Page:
4. The principle of primary assumption of risk is in general limited to particular athletic and recreational activities on the grounds that while they involve increased risks, they have significant social value and it is appropriate to shield coparticipants, sponsors and venue providers from liability.  The appellants were not providers of a means of a means of athletic or recreational activities and so this case was not appropriate for the application of the principle.  Further, it would be an excessive expansion of the doctrine to treat sidewalk defects or dangerous premises as inherent risks assumed by joggers, runners, cyclists and rollerbladers.

Ashbourne v City of New York, 82 NY.3d 461 (2011), Cotty v Town of Southampton, 64 AD.3d 251 (2009), Trupia v Lake George Central School District, 14 NY.3d 392 (2010), Bukowski v Clarkson University, 19 NY.3d 353 (2012) and Benitez v New York City Board of Education, 73 NY.2d 650 (1989), considered.

Judgment

The Court’s judgment is available here.

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*   Custodi v Town of Amherst (Supreme Court of New York, Feroleto J, 24 February 2010, unreported).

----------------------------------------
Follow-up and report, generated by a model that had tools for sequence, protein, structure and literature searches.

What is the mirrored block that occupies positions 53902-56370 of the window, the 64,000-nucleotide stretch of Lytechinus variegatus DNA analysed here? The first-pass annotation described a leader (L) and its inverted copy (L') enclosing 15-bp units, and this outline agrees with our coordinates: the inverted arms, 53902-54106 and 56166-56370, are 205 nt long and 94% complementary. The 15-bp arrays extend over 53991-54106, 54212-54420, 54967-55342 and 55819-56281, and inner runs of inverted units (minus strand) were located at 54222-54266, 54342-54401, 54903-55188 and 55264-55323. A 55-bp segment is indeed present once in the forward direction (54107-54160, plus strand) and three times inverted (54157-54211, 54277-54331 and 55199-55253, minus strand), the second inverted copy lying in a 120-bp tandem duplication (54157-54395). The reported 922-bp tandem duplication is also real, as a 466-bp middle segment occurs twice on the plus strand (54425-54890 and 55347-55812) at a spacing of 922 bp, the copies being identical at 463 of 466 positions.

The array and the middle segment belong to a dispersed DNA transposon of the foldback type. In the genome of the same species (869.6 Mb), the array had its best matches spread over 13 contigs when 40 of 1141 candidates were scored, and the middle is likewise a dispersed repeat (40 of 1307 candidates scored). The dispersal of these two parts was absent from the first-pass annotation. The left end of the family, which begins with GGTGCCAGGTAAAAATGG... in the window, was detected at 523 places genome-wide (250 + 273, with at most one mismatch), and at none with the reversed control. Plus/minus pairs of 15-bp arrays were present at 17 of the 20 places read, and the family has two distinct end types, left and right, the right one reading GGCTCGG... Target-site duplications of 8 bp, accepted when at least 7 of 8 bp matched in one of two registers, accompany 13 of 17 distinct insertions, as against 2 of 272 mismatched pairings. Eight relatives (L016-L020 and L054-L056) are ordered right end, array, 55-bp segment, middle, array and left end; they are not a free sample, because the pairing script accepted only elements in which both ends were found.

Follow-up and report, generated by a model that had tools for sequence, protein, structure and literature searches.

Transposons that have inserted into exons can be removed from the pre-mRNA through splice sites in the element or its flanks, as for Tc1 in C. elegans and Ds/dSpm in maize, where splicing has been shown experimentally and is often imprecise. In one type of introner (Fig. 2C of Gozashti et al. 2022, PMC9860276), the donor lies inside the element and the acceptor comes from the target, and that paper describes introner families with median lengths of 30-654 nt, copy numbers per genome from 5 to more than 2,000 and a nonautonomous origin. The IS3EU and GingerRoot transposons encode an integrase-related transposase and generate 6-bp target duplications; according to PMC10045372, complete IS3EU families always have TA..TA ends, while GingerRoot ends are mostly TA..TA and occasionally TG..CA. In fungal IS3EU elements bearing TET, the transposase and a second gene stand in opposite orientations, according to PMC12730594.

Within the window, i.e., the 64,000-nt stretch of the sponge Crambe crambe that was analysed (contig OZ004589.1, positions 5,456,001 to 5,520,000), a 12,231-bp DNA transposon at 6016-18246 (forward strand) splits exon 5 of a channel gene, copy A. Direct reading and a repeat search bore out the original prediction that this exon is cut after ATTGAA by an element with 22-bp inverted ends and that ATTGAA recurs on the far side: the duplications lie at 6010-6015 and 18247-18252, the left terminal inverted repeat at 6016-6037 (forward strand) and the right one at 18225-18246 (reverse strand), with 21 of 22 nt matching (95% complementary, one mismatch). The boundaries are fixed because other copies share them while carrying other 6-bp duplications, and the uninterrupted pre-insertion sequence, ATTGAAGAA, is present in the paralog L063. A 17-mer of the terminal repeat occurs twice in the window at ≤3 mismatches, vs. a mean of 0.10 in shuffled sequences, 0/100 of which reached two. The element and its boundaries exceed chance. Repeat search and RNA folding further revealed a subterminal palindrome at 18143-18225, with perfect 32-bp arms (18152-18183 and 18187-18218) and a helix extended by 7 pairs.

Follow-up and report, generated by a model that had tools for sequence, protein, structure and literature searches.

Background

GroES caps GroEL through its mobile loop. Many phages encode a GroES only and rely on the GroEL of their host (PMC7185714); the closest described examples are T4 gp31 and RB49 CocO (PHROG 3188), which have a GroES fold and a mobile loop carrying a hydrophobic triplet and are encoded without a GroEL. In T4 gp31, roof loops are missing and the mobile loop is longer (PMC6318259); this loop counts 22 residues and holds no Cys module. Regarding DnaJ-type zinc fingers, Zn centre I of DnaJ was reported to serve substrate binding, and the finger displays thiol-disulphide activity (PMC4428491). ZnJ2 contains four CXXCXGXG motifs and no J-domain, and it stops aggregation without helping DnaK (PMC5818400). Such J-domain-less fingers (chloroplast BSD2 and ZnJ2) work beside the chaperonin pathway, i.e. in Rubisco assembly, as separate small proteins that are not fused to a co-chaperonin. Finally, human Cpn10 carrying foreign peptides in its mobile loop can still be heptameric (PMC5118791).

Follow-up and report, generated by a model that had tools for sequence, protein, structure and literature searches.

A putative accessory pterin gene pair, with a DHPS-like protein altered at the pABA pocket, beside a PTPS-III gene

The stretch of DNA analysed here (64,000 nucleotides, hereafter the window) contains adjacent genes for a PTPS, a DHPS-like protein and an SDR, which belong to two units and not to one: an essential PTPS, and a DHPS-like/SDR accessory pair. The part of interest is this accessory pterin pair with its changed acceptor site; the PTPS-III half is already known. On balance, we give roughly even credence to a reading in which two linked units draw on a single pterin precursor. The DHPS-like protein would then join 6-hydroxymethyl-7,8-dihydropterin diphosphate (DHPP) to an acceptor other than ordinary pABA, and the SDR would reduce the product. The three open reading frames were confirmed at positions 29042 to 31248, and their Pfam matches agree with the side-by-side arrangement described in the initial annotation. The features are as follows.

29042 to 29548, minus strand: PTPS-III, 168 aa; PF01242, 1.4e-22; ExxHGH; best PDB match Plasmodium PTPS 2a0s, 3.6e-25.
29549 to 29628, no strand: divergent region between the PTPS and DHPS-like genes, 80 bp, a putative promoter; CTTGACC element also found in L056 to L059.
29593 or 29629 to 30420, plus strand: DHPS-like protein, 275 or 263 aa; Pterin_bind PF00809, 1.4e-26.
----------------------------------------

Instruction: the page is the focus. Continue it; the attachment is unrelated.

**  Custodi v Town of Amherst, 81 AD.3d 1344 (2011)

S.E.F. v Archer-Daniels-Midland Co & Ors (2014) H&FLR 2014-8

S.E.F. v Archer-Daniels-Midland Co & Ors (2014) H&FLR 2014-8

United States District Court (W.D.N.Y.)

21 April 2014

Coram: Skretny CJ

Appearing for the Plaintiff: J. Michael Hayes (of Law Offices of J. Michael Hayes)
Appearing for the Defendant: Kevin Hogan (of Phillips Lytle LLP) and Dan K. Webb, Stephen V. D’Amore, Scott P. Glauberman and Cornelius M. Murphy (all of Winston & Strawn LLP)

Catchwords: New York – high-fructose corn syrup – diabetes – negligence – product liability – failure to warn – market-share liability – feasible redesign

Facts: The defendants* were manufacturers of high-fructose corn syrup (HFCS). The plaintiff was a 14 year old girl who alleged that she had consumed HFCS in common foods and that this caused her to develop Type 2 diabetes. She sought compensation from the defendants based on negligence, gross negligence, strict products liability and failure to warn of the danger of a product. She relied on the doctrine of market-share liability, whereby a defendant can be presumed liable for a plaintiff’s injury to the extent of its share of the relevant market**.